allege “minimal” originality in the method of converting the raw data to the final values.

Plaintiffs allege that the method involves “complex algorithms.” (SAC ¶ 25.) Alone, this is

insufficient. See Sparaco, 303 F.3d at 466 (noting that difficulty in production does not render

the product copyrightable). Plaintiffs, understandably, do not wish to reveal the algorithms they

use, but they must allege facts about the creation or execution of the algorithms that establish

that they are sufficiently original. To this end, Plaintiffs further allege that the methodology was

developed “independently.” (SAC ¶¶ 34, 37, 55, 110.) This is relevant, as it suggests that the

methodology is neither widely used nor an industry standard, but is not sufficient because purely

objective methodologies could be developed independently. See N.Y. Merc., 497 F.3d at 114 n.4

(noting the difference between “independent creation,” and “creativity”). Plaintiffs come closer

to the mark when they allege that the raw data consist, in part, of “banking information from

discretionary and periodically changing leading banks.” (SAC ¶ 118.) However, this allegation

would not be sufficient to rule for Plaintiffs as a matter of law because, as in both New York

Mercantile and RBC Nice Bearings, it is possible to exercise discretion at such a minimal level

that no originality enters the process.8 See Feist, 499 U.S. at 359 (“There remains a narrow

category of works in which the creative spark is utterly lacking or so trivial as to be virtually

8
For example, if the discretion being exercised is merely the choice between using one
industry standard list of “leading banks” and another, that would probably be an insufficient
exercise of discretion. However, if the leading banks are chosen through a purely subjective
assessment of various banks’ importance to the global market, that could introduce a sufficient
degree of originality into the process as to render the final values protectable.

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nonexistent. Such works are incapable of sustaining a valid copyright.” (internal citation

omitted) (emphasis added)). However, Plaintiffs’ claim of originality is also bolstered by the list

of other factors the BanxQuote Indices consider, namely “thousands of variable interest rates . . .,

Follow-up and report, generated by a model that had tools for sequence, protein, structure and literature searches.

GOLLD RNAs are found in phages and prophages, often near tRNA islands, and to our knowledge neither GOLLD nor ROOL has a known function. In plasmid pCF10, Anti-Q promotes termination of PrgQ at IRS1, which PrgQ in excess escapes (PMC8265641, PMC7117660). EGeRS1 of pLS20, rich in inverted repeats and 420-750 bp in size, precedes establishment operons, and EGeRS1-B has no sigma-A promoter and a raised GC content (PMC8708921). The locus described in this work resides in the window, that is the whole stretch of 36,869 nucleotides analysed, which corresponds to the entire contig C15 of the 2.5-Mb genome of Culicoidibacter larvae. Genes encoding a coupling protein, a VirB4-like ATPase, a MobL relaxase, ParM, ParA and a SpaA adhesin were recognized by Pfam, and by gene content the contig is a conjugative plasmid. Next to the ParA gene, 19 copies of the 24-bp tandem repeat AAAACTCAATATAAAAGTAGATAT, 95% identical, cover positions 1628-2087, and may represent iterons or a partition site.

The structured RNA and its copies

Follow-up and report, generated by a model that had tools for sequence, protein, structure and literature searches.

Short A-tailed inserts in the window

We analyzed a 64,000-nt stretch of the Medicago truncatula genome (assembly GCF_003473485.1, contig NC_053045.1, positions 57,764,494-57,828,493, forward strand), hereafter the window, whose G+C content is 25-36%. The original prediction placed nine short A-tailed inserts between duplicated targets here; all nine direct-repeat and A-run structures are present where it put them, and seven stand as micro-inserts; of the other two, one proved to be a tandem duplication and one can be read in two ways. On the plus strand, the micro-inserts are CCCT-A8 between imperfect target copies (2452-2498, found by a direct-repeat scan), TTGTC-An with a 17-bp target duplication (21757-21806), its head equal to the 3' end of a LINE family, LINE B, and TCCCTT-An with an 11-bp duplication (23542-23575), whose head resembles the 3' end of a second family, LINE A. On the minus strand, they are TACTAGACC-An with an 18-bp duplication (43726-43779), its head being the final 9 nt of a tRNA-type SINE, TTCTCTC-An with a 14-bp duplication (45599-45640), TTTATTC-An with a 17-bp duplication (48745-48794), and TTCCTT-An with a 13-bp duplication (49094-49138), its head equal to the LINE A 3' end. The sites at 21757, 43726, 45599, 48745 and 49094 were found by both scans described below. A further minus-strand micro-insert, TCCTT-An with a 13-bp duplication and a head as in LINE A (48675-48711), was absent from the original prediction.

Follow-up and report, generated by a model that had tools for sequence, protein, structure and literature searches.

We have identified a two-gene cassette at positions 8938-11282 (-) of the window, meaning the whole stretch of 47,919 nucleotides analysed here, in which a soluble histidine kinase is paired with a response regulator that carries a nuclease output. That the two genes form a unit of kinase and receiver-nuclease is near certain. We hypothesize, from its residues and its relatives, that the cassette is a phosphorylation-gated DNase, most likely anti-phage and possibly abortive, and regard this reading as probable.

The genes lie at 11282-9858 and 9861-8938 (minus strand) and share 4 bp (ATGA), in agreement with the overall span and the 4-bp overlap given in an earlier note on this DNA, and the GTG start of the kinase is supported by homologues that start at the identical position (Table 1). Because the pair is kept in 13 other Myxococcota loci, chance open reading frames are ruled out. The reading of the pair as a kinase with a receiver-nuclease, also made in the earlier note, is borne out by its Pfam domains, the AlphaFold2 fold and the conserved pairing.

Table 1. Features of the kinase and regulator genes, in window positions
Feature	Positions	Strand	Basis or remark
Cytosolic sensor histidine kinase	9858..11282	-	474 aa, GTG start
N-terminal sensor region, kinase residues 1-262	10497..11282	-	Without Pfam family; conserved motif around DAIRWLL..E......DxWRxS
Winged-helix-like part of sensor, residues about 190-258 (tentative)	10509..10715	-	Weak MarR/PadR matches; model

Fed Funds, the U.S. Treasury market, domestic and global money markets, London Interbank

LIBOR rates, Eurodollar markets, bond markets, futures markets and foreign exchange markets .

. . .” (SAC ¶ 119 (footnote omitted).) It is possible that this list is simply an abbreviated way of

saying that the BanxQuote Indices consider every important financial indicator, but there is no

immediately apparent reason why these economic measures were considered and others were

omitted (why, for example, the London Interbank Offered Rate (LIBOR) and not the equivalent

Japanese (TIBOR) or German (FIBOR) rates?). See N.Y. Times Co. v. Tasini, 533 U.S. 483, 515

n.12 (2001) (“[S]election alone [can demonstrate] sufficient originality to merit copyright

protection.” (internal quotation marks omitted)); Feist, 499 U.S. at 348 (noting that compilations

“may possess the requisite originality” for copyright protection because, inter alia, “[t]he

compilation author typically chooses which facts to include”); Key Publ’ns, 945 F.2d at 512-13

(allowing copyright protection for a work “that is original[] by virtue of the selection,

coordination, or arrangement of the data included in the work”). It is also reasonable to infer,

given the varied nature of these economic indicators, that a meaningful amount of discretion and

subjectivity is required in deciding how to weigh the various indicators and how to combine

them into a single final value. It is, therefore, plausible to infer that the BanxQuote Indices do

not contain simple mathematical averages, but are instead created through judgment being

applied to disparate indicators. Indeed, Plaintiffs allege that they exercise discretion over exactly

which values to use from within certain categories of indicators (such as “leading banks”).

These allegations are sufficient to get Plaintiffs to first base. See CDN Inc., 197 F.3d at 1260